The responsibility every Jew carries to speed Moshiach's coming through such service is reflected in the fact that the numerical equivalent of the Hebrew word Moshiach is the same as the sum of the numerical equivalent of the word shaliach, which means "agent," plus ten. This implies that Moshiach's coming is dependent on every person's dedicating the ten faculties of his soul to the shlichut, the "mission," of revealing G-dliness in this world.

Implicit in this mission is disseminating the inner teachings of the Torah, and integrating them into our conscious thinking processes. In the Era of the Redemption, "a person will no longer [have to] teach a friend... for they will all know Me." "New [dimensions of the] Torah will emerge from Me," and every individual will experience a direct, personal knowledge of G-d.

Since Judaism conceives of reward as being granted "measure for measure," it follows that in preparation for this revelation, we should devote ourselves to the knowledge of G-d and the development of an inner bond with Him. It is the Torah which enables us to forge such a connection. This is reflected in our Rabbis' interpretation of the verse, "He kisses me with the kisses of His mouth," as referring to the inner bond which is established with G-d through the study of the inner teachings of the Torah.

The relevance of the above is made possible by the unique nature of our present times. To borrow an expression of the Previous Rebbe, we have already "polished the buttons" and have completed all the elements of service required of us.

Furthermore, Moshiach is not merely a hope for the future, but there exists in every generation--and surely, in our generation--"a person from among the descendants of Judah who is worthy of being the Moshiach of Israel." As the Chatam Sofer writes, "From the time of the destruction of the Holy Temple, there was born one who in his righteousness is worthy of being [Israel's] redeemer," and were there no impediments and obstacles which prevented his coming, he would have come already.

Moreover, these obstacles no longer exist, for when the service of the Jewish people over the centuries is considered as a whole, everything that is necessary to bring about the Redemption has been accomplished. There is no valid explanation for the continuation of the Exile. Accordingly, at this time, our spiritual service must focus on "standing prepared to greet Moshiach," anxiously awaiting his revelation with the willingness to accept him eagerly.

By Sichos in English, adapted from an address by the Lubavitcher Rebbe.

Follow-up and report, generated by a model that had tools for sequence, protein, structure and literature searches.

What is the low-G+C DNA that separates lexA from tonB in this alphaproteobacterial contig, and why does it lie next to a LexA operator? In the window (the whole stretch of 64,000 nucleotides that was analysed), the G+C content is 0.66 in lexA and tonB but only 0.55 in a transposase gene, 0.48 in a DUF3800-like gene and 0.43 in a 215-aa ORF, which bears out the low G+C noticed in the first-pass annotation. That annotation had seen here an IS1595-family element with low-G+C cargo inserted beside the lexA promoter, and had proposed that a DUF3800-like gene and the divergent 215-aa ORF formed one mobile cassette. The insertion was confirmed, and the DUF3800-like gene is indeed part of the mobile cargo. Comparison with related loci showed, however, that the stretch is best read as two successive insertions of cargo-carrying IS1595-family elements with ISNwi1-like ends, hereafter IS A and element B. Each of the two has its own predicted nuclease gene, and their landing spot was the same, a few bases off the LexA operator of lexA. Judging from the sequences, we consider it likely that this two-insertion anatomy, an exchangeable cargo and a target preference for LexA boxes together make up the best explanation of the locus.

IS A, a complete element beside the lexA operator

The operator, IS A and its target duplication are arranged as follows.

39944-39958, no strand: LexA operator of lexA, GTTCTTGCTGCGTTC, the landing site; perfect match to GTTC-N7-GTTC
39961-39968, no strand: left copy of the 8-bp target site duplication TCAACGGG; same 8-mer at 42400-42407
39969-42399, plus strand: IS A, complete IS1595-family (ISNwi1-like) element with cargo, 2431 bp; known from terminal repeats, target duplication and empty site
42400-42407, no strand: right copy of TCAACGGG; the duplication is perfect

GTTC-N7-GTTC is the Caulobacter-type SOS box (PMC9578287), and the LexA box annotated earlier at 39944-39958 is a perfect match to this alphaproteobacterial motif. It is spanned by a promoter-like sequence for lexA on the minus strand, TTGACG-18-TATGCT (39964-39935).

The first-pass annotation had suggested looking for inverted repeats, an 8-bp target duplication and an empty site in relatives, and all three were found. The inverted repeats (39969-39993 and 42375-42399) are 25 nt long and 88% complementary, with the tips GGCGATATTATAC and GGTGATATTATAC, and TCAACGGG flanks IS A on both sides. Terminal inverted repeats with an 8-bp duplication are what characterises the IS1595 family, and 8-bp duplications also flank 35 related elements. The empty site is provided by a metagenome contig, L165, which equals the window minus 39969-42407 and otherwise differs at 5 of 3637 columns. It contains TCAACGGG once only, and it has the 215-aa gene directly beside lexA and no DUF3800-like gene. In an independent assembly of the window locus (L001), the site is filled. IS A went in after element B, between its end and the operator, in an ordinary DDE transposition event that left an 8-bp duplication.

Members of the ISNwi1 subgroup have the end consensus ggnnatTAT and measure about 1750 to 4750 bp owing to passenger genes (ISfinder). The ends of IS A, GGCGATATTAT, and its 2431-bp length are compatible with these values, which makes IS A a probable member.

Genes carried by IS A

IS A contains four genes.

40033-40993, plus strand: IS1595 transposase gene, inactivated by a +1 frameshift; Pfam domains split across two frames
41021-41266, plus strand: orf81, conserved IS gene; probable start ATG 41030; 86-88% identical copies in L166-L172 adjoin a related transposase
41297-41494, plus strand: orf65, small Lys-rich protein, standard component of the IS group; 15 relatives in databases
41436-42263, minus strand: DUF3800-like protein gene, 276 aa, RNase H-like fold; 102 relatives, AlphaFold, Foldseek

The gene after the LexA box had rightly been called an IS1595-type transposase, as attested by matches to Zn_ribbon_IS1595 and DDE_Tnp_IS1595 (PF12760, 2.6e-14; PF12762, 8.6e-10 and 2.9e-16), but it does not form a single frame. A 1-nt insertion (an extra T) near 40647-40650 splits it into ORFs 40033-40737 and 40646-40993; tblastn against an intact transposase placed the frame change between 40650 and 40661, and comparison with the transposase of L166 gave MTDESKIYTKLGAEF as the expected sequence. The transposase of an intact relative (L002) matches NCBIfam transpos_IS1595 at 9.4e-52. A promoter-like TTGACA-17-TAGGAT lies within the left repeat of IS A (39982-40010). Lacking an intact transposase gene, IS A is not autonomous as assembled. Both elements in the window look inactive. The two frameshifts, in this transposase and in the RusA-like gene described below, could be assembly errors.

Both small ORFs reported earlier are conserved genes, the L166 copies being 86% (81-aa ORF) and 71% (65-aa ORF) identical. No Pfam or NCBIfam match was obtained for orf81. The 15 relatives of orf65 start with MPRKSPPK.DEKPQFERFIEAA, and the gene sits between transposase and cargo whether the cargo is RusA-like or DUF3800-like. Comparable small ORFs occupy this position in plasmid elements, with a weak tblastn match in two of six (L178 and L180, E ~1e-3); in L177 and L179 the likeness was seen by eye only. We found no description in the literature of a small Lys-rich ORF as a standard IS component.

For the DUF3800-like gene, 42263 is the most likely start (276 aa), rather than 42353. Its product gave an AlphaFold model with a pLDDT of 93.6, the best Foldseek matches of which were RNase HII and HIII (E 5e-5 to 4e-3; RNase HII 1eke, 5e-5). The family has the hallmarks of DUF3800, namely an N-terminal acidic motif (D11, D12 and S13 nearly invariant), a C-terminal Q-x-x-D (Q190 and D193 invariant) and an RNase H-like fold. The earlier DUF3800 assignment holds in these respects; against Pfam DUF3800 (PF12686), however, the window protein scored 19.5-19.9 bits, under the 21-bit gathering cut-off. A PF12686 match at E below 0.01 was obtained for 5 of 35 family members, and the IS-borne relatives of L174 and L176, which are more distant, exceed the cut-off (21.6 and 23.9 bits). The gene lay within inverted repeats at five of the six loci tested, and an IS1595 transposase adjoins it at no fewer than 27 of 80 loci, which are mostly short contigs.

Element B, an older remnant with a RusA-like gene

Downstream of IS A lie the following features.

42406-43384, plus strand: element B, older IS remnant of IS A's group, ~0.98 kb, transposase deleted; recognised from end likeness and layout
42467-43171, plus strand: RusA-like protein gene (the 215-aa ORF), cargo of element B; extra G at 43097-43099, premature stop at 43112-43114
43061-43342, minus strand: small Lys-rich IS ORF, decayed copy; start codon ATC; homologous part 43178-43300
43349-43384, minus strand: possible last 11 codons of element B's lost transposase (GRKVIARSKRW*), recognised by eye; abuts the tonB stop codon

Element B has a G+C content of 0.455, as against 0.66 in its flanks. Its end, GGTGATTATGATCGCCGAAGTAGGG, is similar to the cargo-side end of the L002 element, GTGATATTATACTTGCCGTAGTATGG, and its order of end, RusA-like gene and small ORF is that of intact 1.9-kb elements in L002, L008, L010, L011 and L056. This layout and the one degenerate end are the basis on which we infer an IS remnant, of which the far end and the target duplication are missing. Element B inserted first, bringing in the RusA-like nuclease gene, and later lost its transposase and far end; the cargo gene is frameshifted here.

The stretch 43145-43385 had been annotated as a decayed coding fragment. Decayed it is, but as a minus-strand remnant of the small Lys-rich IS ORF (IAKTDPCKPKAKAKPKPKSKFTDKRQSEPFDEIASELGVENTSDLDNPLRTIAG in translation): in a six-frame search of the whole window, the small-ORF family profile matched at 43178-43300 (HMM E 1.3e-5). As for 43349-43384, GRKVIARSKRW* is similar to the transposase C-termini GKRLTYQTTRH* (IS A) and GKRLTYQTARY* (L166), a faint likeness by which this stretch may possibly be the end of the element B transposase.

What is involved in the mitzva of "visiting the sick"?

Visiting the sick, or Bikur Cholim in Hebrew, is one of the commandments for which the Talmud has set no limits. The Talmud states that by visiting a sick person one helps him to recover. One should cheer the sick person with pleasant conversation and good advice and helping them in any way possible. For the performance of this mitzva a person is rewarded in this world as well as in the World to Come.

A Word from the Director

When was the beginning of the destruction of the first Holy Temple? The destruction began place when the Babylonians laid siege to Jerusalem on the 10th of Tevet, December 17 this year. This day is traditionally designated as a fast day.

But this year, G-d willing, maybe we'll "break with tradition"; maybe we won't fast! Maybe we won't shed bitter tears and mourn for the Holy Temple's destruction! How could this possibly be?

When Moshiach comes--may he arrive before the 10th of Tevet--we will no longer fast on the three days designated to commemorate the destruction of the Temple. Rather, these days will become days of rejoicing, gladness and festivity.

How can we turn this dream into a reality? The Lubavitcher Rebbe has repeatedly stressed that each and every individual can hasten Moshiach's arrival. How can this be accomplished? By increasing our acts of kindness, goodness and tzedaka; by actively awaiting his arrival at any moment; by preparing ourselves to greet him; by learning more about Moshiach and the Ultimate Redemption.

A viable suggestion toward this end would be that each time we do an additional act of kindness, or goodness, give tzedaka or do mitzvot, we do so with the intent of hastening the Final Redemption. By doing this ourselves and encouraging those around us to do so the same, we will bring Moshiach that much closer.

Rabbi Shmuel Butman

It Once Happened

The Rav of Yanov was a great scholar. As a young man he had been the friend of Reb Shmelke of Nikolsburg, and their friendship had endured in spite of the young man's terrible obstinacy and inability to concede the correctness of anyone else's viewpoint.

Once, the Rav of Yanov was traveling to his son's wedding together with an impressive party of illustrious well-wishers. The Rav and his party stopped at a lovely site on the outskirts of a forest to say the afternoon prayers. The Rav chose a secluded spot under the trees some distance away from the others, and he lingered over his devotions. The members of his traveling party waited patiently for him in the carriage, but when darkness descended, they began searching for him in the surrounding groves of trees. Their search proved unsuccessful and though they were a bit concerned, they assumed that he had accepted a ride from one of the many other carriages in the wedding party.

Their anxiety was borne out when they arrived at the site of the wedding and the Rav was nowhere to seen. There were all kinds of speculation, but there was nothing to do other than to proceed with the wedding without him. The sad group returned to Yanov without the Rav and in fact, without a clue of what might have happened to him.